Whether you are new to offsetting or you have invested in carbon offsets many times, you need to know that your offset provider has planned and scheduled its projects to maximize benefit and efficiency for your offset investment.
How can the planning and execution of a progressive offset project help maximize your offset investment?
How Long Does It Take to Develop an Offset Project?
Most carbon offsets are sold year-by-year from projects that are already built and operating. The annual revenue helps project investors recover their investment and support the market for carbon projects.
The problem with that approach is that many smaller, community-based projects can’t get funded if they have to wait for year-by-year offset revenues.
With Help Build™ carbon offsets, investors buy a project’s long-term carbon reductions upfront. This provides critical financing that makes the project happen, but it takes longer to develop and build, resulting in carbon savings further down the line.
What Is The Development Timeline?
For each new carbon reduction project, the NativeEnergy supply team conducts an extensive check, calculates the emissions that will be reduced, evaluates financial additionality, and establishes a relationship with the project via site visits and meetings with project participants.
The project design document is assessed by an accredited third-party validator. Only when the project has been formally approved by the validator, in accordance with the standard, is it publicly listed on a carbon registry website.
NativeEnergy establishes a timeline for each stage of the project’s development to ensure the project is built in the most efficient way and carbon offsets can be realized in a timely and sustainable manner.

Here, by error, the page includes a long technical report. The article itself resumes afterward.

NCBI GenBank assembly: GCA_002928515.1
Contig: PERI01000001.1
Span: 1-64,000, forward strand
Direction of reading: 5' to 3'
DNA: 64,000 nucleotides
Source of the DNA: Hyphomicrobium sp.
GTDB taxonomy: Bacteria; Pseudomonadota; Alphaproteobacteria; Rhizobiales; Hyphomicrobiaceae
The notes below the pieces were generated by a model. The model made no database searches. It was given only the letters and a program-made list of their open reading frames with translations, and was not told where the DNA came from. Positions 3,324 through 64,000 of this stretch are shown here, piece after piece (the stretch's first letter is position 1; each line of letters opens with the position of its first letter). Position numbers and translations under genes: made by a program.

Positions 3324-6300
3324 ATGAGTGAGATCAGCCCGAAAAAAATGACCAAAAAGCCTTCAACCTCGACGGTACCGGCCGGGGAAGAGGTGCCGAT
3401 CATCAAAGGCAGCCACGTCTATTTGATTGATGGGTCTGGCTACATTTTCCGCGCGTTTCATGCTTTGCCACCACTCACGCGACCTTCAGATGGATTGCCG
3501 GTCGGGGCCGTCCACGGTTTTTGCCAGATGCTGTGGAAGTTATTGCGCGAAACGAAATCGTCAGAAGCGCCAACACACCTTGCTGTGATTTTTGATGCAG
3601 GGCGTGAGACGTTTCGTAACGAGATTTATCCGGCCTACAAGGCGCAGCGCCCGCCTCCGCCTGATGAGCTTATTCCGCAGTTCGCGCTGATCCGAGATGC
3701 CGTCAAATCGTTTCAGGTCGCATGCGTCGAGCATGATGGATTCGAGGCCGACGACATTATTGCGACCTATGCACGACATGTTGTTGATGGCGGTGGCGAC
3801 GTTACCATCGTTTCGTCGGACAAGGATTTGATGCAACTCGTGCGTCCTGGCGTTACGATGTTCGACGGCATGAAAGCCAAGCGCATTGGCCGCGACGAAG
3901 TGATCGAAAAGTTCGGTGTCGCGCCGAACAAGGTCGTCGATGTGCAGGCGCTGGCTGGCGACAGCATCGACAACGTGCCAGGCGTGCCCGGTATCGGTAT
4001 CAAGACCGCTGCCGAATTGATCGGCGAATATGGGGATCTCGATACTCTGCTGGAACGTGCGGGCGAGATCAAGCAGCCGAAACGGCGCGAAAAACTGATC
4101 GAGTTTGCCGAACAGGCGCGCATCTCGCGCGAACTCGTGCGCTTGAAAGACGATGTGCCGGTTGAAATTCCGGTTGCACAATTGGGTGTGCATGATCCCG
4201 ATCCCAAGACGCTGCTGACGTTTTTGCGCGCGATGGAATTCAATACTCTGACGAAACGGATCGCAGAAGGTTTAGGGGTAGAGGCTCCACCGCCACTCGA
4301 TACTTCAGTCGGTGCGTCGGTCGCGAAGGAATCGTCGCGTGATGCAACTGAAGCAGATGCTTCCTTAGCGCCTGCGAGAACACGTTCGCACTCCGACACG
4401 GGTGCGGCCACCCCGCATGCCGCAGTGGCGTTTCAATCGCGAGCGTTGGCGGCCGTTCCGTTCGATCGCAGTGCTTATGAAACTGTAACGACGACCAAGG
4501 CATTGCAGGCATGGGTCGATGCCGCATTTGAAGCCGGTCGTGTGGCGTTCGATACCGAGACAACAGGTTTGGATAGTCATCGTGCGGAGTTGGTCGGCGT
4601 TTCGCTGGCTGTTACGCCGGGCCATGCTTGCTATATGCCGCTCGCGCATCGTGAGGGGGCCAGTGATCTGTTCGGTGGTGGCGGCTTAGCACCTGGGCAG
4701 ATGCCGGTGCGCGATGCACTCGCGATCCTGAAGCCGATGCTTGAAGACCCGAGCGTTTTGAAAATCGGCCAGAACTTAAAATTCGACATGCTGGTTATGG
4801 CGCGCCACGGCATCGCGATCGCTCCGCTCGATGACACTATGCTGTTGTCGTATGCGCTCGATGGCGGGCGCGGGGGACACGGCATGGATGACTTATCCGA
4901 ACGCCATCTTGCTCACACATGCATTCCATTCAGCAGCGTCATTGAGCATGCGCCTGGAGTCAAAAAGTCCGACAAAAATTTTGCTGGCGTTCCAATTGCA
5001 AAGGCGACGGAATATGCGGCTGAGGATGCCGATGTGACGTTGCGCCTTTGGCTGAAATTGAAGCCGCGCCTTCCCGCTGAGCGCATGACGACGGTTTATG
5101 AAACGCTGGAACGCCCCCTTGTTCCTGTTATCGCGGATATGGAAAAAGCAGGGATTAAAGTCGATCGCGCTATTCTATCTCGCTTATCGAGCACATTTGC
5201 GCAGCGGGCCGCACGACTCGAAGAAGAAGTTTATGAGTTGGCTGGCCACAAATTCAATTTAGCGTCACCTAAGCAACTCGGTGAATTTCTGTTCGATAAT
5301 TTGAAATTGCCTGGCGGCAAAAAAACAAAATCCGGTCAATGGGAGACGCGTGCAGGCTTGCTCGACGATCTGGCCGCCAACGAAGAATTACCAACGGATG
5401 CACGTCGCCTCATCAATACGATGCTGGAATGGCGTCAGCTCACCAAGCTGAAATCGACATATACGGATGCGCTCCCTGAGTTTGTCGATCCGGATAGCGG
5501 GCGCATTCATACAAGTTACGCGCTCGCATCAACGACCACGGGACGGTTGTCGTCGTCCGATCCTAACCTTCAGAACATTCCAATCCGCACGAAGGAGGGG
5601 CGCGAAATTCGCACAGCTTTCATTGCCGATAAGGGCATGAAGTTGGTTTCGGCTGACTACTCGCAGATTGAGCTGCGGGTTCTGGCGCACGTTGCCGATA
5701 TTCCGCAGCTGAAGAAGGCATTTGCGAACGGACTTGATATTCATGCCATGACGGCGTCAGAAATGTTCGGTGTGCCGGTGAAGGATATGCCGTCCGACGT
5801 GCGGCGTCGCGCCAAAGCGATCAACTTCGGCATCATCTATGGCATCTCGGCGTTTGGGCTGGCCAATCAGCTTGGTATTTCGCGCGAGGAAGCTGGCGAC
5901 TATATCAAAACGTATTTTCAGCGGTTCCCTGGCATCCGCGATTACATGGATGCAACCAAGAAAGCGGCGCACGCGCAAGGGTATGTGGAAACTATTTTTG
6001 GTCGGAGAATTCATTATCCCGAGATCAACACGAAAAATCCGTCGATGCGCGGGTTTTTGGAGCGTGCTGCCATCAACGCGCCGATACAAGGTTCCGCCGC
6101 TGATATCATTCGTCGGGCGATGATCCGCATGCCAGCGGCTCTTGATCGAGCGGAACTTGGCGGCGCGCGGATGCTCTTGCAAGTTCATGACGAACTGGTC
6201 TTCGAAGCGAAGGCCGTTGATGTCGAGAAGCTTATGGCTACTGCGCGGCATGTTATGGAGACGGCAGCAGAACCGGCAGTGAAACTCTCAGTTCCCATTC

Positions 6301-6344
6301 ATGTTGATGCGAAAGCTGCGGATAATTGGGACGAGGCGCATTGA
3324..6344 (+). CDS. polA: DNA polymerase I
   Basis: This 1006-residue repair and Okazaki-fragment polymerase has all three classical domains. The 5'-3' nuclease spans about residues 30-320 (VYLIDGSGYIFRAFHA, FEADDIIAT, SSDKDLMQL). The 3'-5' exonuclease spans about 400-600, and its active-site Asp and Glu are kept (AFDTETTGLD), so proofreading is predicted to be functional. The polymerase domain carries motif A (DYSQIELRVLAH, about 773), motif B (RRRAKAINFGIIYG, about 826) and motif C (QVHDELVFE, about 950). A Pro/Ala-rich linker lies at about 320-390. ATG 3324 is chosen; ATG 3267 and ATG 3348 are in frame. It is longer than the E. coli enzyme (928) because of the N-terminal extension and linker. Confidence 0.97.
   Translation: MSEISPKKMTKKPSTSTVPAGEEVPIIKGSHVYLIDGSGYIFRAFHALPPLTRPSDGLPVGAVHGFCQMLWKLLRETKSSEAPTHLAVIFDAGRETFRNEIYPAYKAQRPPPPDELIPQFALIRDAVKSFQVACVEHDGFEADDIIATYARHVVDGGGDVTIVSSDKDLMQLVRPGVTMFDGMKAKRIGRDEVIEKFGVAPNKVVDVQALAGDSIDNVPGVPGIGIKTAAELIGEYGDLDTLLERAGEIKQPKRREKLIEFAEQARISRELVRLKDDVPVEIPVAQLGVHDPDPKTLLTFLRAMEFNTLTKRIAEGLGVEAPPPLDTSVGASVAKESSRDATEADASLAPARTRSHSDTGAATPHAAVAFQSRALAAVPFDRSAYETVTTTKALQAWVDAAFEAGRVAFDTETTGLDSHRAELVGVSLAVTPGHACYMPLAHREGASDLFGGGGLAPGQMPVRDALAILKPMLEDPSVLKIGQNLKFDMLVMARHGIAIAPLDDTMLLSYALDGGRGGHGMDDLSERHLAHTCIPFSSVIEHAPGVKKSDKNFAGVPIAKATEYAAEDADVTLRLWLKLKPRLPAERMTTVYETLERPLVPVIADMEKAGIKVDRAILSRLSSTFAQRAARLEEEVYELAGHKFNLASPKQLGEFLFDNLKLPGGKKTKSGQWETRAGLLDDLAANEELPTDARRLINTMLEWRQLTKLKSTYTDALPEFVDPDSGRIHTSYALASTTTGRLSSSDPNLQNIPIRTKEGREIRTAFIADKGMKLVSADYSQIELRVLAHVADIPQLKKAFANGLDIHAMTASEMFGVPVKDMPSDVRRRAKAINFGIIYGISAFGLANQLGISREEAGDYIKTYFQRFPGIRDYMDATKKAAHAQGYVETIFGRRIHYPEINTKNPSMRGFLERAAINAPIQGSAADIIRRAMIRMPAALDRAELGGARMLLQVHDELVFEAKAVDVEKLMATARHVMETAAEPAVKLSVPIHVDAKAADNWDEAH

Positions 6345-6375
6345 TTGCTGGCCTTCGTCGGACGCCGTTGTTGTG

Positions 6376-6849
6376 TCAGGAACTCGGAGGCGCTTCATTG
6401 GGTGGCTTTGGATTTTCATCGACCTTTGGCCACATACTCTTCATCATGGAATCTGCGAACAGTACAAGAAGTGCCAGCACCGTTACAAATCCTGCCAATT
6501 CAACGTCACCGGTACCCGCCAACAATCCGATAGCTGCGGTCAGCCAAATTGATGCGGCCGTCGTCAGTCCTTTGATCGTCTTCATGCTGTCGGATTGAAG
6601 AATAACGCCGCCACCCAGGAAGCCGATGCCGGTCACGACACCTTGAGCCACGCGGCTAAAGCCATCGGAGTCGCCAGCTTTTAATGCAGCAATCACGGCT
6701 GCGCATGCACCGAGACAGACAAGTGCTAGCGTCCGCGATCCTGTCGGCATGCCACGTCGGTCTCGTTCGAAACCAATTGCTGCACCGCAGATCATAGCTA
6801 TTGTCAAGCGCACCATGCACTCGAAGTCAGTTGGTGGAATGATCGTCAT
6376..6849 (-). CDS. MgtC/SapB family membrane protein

Why Is Project Duration Important?
Knowing how long a project will run helps you to maximize emission efficiency within that time.
Currently, there is plenty of ‘low-hanging fruit’; relatively cheap and simple projects to reduce or avoid carbon emissions that need investment from companies who wish to offset. This abundance of affordable projects means that the cost per ton of carbon is still low.
In five or ten years’ time, when the low-cost projects have all been implemented, the cost per ton of carbon offset may rise considerably as projects become more complex and expensive to build.
Projects that need upfront funding in order to get off the ground, such as NativeEnergy’s Help Build™ projects, are financed at today’s prices, but deliver future emissions reductions over a defined period.
By investing upfront in an offset project that will run for many years, an organization can protect itself against the rising cost of carbon. Planning ahead for future carbon offsets makes good financial sense.
Planning Your Offset Reporting and Communications
To gain positive exposure from communicating your carbon offsets, it’s important to understand when they will happen and how that relates to your own emissions.
Investment in future carbon reductions may be perceived as ‘delayed’ offsets. For example, funding a wind project, such as the Greensburg Wind Farm in Greensburg, Kansas, takes several years to establish itself.
A project that is yet to be built and will begin operating in three years’ time might not be considered to be offsetting carbon that is emitted in the current year, but if the project can’t otherwise happen, the climate loses unless we embrace that kind of offsetting action.
The Greensburg project came on the heels of a devastating tornado in 2007. Once the parameters were established to rebuild Greensburg as “the greenest town in America”, the project began garnering national attention as a success story in 2010.
A clear, honest marketing strategy will boost your brand exposure and reputation, so be clear about the quantity of offsets purchased and the time period they cover.
Progressive offsets offer additional opportunities to enhance your reputation. A great marketing strategy will also focus on the social and environmental benefits of the project.
NativeEnergy’s Help Build™ projects finance community-scale carbon reduction schemes that would not otherwise happen.
Each project is carefully designed and planned to meet the needs of organizations accounting for future emissions, and to maximize the value of offset investments.